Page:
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Exclusive Daniel Ricciardo Q&A: I’m ready if Red Bull call 22 May 2013

Daniel Ricciardo (AUS) Scuderia Toro Rosso.
Formula One World Championship, Rd6, Monaco Grand Prix, Preparations, Monte-Carlo, Monaco, Wednesday, 22 May 2013 Daniel Ricciardo (AUS) Scuderia Toro Rosso STR8.
Formula One World Championship, Rd5, Spanish Grand Prix, Race Day, Barcelona, Spain, Sunday, 12 May 2013 Daniel Ricciardo (AUS) Scuderia Toro Rosso eats breakfast at the Red Bull Racing Energy Station.
Formula One World Championship, Rd6, Monaco Grand Prix, Preparations, Monte-Carlo, Monaco, Wednesday, 22 May 2013 Daniel Ricciardo (AUS) Scuderia Toro Rosso STR8.
Formula One World Championship, Rd5, Spanish Grand Prix, Practice, Barcelona, Spain, Friday, 10 May 2013 Daniel Ricciardo (AUS) Scuderia Toro Rosso.
Formula One World Championship, Rd5, Spanish Grand Prix, Qualifying, Barcelona, Spain, Saturday, 11 May 2013 Daniel Ricciardo (AUS) Scuderia Toro Rosso STR8.
Formula One World Championship, Rd4, Bahrain Grand Prix, Race Day, Bahrain International Circuit, Sakhir, Bahrain, Sunday, 21 April 2013 Daniel Ricciardo (AUS) Scuderia Toro Rosso.
Formula One World Championship, Rd5, Spanish Grand Prix, Qualifying, Barcelona, Spain, Saturday, 11 May 2013 Daniel Ricciardo (AUS) Scuderia Toro Rosso cycles the track.
Formula One World Championship, Rd5, Spanish Grand Prix, Preparations, Barcelona, Spain, Thursday, 9 May 2013 Daniel Ricciardo (AUS) Scuderia Toro Rosso STR8.
Formula One World Championship, Rd4, Bahrain Grand Prix, Practice, Bahrain International Circuit, Sakhir, Bahrain, Friday, 19 April 2013

Toro Rosso’s Daniel Ricciardo arrives in Monaco on the back of an impressive tenth-place finish in Spain and armed with a car revitalised by recent updates. With it the Australian is hopeful of more points - plural rather than singular - in Monte Carlo, as he looks to prove that he really is ready for the F1 big time in 2014, should Red Bull Racing come calling for a Mark Webber replacement…

Q: Daniel, your Barcelona race made quite an impression. Can you talk us through it?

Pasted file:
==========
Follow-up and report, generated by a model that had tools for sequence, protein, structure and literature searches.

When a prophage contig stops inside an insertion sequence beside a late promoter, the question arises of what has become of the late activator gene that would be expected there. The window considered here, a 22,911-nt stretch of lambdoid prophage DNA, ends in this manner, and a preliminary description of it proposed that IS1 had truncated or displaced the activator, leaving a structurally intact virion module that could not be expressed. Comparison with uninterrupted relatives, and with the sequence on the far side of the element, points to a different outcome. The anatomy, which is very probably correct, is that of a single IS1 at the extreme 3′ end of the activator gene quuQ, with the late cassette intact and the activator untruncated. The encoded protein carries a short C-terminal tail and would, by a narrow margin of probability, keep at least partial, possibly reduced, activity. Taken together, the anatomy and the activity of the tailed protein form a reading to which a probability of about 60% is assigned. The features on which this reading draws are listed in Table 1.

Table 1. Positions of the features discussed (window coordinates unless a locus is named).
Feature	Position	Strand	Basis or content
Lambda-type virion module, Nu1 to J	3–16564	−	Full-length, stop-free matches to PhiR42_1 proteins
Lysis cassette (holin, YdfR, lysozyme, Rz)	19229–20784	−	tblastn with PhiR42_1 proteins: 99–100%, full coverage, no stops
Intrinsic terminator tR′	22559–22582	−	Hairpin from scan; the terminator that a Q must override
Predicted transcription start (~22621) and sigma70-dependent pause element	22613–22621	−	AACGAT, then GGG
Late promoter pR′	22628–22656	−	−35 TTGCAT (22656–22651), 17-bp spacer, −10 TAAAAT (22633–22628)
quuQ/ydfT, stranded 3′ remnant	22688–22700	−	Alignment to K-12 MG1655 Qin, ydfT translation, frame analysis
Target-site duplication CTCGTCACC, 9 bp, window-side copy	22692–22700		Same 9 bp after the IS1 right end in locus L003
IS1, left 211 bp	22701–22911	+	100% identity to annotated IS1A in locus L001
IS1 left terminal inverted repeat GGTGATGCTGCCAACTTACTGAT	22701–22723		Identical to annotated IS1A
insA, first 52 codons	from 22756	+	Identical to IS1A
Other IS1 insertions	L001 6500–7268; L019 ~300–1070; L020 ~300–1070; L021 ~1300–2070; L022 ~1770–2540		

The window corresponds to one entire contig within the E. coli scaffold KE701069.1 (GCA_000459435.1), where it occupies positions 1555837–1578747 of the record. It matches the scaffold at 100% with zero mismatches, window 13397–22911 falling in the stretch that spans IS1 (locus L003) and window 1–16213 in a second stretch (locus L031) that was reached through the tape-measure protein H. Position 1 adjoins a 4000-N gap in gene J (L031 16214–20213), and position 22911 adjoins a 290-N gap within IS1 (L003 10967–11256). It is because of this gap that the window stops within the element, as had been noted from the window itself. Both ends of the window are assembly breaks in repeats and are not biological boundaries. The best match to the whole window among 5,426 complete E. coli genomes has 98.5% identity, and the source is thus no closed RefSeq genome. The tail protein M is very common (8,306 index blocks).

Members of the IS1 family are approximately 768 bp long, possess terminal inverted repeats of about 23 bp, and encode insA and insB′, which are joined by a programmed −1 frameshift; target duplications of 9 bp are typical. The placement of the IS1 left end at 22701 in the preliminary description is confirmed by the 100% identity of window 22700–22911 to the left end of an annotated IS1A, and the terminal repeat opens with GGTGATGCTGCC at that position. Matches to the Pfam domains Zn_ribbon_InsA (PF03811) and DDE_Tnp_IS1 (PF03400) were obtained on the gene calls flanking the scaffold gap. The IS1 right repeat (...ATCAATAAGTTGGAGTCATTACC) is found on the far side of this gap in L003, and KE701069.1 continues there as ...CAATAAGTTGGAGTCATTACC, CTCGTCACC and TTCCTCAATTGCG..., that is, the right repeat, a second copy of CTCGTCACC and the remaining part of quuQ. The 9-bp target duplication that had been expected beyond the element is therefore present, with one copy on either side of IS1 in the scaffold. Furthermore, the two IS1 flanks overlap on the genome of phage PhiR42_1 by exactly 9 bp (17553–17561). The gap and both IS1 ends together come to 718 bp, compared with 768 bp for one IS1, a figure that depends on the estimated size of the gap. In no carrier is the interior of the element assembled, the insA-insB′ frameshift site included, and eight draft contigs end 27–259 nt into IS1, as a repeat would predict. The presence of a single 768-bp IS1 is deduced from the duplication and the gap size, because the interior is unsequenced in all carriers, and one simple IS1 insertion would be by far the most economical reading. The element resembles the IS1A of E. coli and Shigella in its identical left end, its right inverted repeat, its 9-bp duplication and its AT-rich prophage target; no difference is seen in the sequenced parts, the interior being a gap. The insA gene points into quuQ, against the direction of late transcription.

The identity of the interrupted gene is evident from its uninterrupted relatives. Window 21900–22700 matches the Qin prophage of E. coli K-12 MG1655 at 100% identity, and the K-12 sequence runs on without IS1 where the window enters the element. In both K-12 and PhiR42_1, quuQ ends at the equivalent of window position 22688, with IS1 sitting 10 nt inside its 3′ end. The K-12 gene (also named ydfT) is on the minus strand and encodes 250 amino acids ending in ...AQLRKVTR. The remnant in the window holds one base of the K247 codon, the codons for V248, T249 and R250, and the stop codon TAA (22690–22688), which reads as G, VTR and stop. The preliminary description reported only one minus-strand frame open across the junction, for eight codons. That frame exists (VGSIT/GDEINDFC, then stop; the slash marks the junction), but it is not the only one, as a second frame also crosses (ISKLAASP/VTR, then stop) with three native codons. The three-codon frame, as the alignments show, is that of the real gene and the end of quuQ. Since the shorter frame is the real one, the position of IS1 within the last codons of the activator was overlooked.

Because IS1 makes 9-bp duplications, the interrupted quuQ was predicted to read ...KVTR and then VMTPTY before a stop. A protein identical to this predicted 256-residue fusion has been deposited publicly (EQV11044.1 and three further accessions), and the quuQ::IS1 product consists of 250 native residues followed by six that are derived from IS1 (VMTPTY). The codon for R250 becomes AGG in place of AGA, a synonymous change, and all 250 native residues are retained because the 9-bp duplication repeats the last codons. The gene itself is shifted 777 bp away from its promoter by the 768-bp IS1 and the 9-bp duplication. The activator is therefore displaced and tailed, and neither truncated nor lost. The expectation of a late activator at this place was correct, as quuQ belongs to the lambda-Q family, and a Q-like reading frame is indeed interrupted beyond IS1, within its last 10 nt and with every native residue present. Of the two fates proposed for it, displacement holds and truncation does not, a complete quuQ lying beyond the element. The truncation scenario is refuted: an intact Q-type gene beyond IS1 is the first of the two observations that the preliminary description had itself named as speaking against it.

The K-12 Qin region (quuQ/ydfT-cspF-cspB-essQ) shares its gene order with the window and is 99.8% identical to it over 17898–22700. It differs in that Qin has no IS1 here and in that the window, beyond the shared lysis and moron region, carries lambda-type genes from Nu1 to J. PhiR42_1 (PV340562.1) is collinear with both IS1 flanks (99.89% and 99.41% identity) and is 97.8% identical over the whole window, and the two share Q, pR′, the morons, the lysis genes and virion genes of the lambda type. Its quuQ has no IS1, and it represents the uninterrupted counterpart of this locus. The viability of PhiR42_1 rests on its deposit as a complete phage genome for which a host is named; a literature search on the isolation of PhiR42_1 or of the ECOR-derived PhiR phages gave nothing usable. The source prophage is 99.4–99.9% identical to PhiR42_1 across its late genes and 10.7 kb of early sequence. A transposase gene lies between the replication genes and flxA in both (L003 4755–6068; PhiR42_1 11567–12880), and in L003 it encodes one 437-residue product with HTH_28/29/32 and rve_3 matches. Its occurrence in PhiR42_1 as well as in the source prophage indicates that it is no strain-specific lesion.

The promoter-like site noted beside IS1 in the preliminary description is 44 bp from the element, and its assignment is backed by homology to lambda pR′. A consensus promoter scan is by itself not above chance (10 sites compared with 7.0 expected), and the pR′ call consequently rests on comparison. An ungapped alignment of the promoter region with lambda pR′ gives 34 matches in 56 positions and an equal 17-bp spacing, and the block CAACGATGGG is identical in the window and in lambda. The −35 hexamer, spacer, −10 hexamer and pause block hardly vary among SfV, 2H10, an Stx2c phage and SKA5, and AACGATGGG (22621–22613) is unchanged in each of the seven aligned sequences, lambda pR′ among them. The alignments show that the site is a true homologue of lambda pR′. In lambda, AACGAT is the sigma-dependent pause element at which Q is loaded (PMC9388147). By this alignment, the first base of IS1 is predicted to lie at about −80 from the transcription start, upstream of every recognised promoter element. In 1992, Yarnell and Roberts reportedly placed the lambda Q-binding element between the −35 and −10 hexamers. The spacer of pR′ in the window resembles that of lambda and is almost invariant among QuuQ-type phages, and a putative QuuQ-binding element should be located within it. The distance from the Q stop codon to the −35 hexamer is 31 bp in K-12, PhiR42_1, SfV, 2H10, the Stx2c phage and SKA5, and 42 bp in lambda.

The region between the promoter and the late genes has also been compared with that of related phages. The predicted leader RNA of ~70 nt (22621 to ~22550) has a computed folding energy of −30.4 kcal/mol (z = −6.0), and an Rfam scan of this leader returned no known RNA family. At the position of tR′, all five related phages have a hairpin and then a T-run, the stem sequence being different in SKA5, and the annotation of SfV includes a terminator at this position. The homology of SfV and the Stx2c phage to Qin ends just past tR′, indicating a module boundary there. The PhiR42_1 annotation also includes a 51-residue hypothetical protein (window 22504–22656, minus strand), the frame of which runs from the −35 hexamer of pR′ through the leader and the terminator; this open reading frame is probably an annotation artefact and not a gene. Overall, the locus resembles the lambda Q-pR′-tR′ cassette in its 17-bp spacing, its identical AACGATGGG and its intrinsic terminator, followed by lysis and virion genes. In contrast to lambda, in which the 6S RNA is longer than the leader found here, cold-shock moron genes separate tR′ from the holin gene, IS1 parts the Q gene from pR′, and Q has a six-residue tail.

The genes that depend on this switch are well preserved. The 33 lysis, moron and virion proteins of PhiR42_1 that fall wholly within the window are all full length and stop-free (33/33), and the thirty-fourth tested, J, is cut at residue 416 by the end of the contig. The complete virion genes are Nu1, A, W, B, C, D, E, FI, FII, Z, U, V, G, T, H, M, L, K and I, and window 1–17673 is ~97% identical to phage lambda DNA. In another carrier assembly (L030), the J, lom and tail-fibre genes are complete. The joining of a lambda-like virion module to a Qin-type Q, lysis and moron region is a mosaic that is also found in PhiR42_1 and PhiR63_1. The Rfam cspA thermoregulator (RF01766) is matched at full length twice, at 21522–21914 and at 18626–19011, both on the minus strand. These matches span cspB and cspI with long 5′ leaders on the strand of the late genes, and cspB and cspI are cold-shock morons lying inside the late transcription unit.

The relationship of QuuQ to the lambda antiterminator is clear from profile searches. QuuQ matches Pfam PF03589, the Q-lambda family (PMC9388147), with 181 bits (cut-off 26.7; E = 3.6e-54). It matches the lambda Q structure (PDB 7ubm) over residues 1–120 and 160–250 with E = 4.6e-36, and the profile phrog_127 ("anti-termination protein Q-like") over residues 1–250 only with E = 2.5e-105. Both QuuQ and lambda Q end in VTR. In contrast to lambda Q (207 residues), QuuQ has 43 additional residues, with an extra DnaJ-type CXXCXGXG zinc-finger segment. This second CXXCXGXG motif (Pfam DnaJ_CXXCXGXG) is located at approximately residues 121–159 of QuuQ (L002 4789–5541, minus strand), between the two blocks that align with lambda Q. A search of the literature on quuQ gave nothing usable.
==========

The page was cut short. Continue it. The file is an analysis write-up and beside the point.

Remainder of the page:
Daniel Ricciardo:
To cut a long story short, the start and the end were very difficult, but the middle was really good! In detail, at the start of the race we were not very fast - let’s say the first ten laps I was thinking, ‘Okay, this is going to be a long day’ - but then, surprise, surprise, the next two stints were really good and we got into a good position. That was the moment when I started to think, ‘Well, today is going to be a good day’. But then towards the end of race we lost a bit of speed and suffered a bit with tyres, so in the end we were tenth. It was nice to get one point, but at one stage I definitely hoped that it would be more.

Q: Your performance this season will be crucial to your Formula One future. What is your survival strategy?
DR:
Ha, not to swim in Australia - because of the sharks!

Q: Other than that?
DR:
To keep on doing what I am doing and not get distracted by things outside my job. I don’t read many things that are written about me, so I keep a cool head. When I am away from the races I usually train and don’t think too much about racing. And when I come to a race venue I am fully committed. That procedure has worked well for me for the last couple of years so I will continue doing it.

Q: Your team principal Franz Tost said recently that right now you have the upper hand over your team mate Jean-Eric Vergne, who suggested at the start of the season he would easily beat you…
DR:
Well, at the start of the season we both had a lot of confidence because after one year in Formula One you definitely gain something. It is hard to explain, but you do. It is that sort of confidence that you get when you feel that you’ve learned a lot. That goes for the two of us…

Q: … but he was probably a touch more confident…
DR:
…maybe. But, of course, the battle is not won yet - there is still a long way to go, though I think I am quite good at maintaining a steady performance.